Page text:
The 18th century in Europe was a dynamic center for changes in daily life. The prior centuries saw the decline in the social status of women and Renaissance ideals hoping to keep them in the home. It also was witness to the church’s dominion in education and the social gap between the privileged children who could afford an education and the mainly illiterate masses. The denial that childhood was a distinct period in a person’s life, the lack of hands-on parenting and concern for children, and the proclivity of wet nurses also were an integral part of how this sector of culture was viewed in this time period.
However, in the 18th century, the education system experienced changes in patronage and attitudes toward children changed, while the status of women remained largely stagnant. The fluid education system during this period included the invention of new types of schools and new philosophies on how education should be approached. Education for the poor also became a priority and literacy rates as a whole increased in some countries. The idea that schooling could benefit the poor is expressed in Document 2, where a French bishop is expounding on the notion that teaching arithmetic and writing could help lift people out of poverty.
His view as a bishop in the church, one of the main schooling institutions of the time, may influence his opinion because he may support his employer more heartily than he would any other body attempting to educate the poor. However, the church was losing its monopoly on education in the 18th century as the Enlightenment views on a secular education began to impact governments to sponsor schools. This shift is evident in Germany with the new gymnasiums and the Spanish and French collage, which, ompared to the monastic religious education a learned person was likely to get in centuries before, represent a significant change. This change is well described in the context of the Enlightenment which contended that education should be natural and secular. Education in the 18th century represents a significant change in culture. Attitudes toward children were also changing in the 18th century. As Document 1 explains, children were beginning to be seen as more than the miniature adults of years past. In fact, the child in this letter has no responsibility besides ringing the bell at church.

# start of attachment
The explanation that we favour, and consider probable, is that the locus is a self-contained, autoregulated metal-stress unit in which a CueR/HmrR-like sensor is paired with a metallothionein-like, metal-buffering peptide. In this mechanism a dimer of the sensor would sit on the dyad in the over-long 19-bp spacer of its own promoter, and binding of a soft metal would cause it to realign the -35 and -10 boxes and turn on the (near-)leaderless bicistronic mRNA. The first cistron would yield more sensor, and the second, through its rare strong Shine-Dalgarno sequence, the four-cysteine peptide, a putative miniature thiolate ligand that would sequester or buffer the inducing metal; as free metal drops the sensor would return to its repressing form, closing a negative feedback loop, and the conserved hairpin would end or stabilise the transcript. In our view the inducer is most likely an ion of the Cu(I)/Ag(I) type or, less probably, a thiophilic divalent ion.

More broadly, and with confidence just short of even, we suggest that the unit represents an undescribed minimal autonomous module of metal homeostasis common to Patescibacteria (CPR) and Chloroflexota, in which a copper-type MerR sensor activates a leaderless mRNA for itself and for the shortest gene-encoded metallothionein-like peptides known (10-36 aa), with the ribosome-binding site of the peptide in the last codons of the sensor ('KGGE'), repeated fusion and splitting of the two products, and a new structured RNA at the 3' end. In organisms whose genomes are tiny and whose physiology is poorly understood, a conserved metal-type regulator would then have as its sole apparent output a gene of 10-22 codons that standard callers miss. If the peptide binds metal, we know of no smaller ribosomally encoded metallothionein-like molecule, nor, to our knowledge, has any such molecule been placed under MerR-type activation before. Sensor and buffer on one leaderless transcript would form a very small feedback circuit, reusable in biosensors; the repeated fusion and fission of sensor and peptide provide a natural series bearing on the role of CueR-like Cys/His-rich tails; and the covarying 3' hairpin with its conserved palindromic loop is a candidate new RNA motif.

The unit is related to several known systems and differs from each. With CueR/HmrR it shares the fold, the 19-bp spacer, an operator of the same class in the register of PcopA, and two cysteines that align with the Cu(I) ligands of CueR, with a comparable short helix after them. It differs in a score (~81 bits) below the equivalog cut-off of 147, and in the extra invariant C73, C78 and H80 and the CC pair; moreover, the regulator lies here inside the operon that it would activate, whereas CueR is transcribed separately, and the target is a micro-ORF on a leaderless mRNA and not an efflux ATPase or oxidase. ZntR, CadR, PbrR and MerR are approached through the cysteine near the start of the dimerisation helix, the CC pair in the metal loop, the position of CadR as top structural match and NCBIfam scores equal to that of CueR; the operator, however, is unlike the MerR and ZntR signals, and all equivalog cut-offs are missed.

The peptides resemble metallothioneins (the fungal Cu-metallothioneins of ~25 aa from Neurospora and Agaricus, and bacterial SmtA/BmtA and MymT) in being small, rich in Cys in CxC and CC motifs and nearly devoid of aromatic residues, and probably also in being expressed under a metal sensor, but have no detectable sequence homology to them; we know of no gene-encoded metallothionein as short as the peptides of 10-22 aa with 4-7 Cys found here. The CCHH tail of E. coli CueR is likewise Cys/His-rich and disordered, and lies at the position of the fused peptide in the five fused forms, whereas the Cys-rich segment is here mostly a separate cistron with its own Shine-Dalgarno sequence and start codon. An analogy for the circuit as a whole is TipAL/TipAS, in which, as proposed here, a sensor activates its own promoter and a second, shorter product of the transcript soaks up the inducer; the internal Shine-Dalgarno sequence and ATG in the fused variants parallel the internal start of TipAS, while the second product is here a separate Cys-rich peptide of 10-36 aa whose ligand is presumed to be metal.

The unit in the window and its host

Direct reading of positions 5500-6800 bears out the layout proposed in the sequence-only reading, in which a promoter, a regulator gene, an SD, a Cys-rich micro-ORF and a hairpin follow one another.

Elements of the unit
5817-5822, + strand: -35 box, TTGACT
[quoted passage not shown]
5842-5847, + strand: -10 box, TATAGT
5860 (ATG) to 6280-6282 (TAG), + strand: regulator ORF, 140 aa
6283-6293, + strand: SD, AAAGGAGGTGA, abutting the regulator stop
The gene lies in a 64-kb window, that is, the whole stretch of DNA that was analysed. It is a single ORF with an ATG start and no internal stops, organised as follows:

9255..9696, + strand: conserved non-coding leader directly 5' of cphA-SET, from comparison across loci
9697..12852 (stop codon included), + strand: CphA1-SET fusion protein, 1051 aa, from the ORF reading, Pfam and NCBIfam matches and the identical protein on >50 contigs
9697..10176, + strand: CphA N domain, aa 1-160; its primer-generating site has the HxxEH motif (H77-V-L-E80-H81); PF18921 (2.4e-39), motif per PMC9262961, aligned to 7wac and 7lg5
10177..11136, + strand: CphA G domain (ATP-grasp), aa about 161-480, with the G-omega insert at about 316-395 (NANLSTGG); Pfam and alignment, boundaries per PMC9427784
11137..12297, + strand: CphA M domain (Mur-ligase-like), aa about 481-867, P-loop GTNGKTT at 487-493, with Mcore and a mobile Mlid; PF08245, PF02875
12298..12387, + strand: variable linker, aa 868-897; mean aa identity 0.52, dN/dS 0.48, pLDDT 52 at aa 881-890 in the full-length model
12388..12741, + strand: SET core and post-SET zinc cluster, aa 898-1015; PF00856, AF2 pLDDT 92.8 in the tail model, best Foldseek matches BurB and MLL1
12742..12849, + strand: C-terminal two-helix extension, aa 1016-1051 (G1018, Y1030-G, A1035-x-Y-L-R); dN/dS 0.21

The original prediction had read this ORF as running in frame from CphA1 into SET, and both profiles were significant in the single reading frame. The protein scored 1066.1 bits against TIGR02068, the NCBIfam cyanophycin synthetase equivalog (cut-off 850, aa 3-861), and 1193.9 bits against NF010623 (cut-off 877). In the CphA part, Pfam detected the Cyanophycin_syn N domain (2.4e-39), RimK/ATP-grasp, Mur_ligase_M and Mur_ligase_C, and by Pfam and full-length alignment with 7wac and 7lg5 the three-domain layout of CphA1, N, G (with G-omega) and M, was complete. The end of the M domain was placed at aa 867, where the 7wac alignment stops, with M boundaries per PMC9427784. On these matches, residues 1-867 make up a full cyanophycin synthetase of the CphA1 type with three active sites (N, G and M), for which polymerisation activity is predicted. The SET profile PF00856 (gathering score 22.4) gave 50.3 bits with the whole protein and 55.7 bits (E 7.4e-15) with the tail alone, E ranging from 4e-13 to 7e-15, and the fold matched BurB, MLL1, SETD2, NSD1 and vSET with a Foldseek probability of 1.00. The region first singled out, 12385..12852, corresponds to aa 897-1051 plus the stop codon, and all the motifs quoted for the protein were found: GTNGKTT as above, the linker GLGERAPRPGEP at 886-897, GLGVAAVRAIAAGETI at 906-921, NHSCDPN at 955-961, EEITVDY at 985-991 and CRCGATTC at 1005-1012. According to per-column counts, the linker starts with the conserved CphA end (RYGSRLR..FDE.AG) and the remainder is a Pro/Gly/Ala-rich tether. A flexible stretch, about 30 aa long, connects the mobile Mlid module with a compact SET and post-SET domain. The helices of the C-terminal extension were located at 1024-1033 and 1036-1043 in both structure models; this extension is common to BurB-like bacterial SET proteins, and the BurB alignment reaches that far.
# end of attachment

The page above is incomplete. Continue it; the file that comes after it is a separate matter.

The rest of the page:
This image of idyllic childhood may be slightly exaggerated, however, because it is a letter from this boy’s caretaker to his parents. The child would not be described as unhappy even if he was because the man wishes to keep his job and the esteem of his employers. Love of children was encouraged, as shown by Document 4, a portrait of mother and daughter embracing. Since it is a painting, the commissioners may have wished to portray more tenderness than typically expressed to advance the idea that this woman loves her child and is a successful mother.
These pressures to be a good mother and pay more attention to the lives of children came from the Enlightenment. Some of this came from direct instructions from famous philosophes. In Document 3, the philosophe Jean-Jacques Rousseau explains that the exploration of discomfort is better for the future of the child than an excess of either molly-coddling or suffering. Children should not be beaten, but they also should not be kept sequestered away in fragile innocence.
Although influential, Rousseau was not the best father and abandoned most of his children in foundling homes, which shows a lack of experience in rearing actual children, making this advice not at practically sound as it could have been otherwise. Something to consider about all of these documents is that most of these changes were made in the upper classes, those who were literate and could afford to have their portraits painted. The lives of lower-class children did not change much at all during this time, so the extent of these changes only reached the upper class.
Another aspect of daily life that didn’t change was the status of women. The land register in Document 6 shows that women worked both alongside men in the fields and in the home preparing meals. This is the same role that women played in earlier centuries. This document worthy of a second glance because it is a government document, most likely written by a bureaucrat. It may not be truly representative of the work schedules of women because it is written by a upper class man looking down on the lives of the lower class. This same information from the diary of a peasant, for example, would be more reliable.
However, that isn’t a realistic hope because the majority of peasant woman remained uneducated, partly due to their social station and partially due to the stigma attached to the education of women. The opinions of women in the upper class remained the same as well, as evidenced by Document 5, where the article concedes that a woman who is highly educated is most likely neurotic and incapable of excelling at both being an elegant woman and a scholar. This article, although praising one particular woman, is singling her out as an exception to the rule. The status of women was incredibly rigid during this time period.
As is evidenced by primary source documents, women’s place in society remained fixed from the period before while ideas on childhood and the institution of education were very dynamic during this period. The switch from religious education to more state sponsored schooling could be due to the doubt Enlightenment philosophers shed on organized religion. It began to be a more private affair than in centuries previous, leaving the state to take on some of the church’s public functions, such as education. In conclusion, the 18th century differed culturally from the centuries before, but only in some ways some of the time.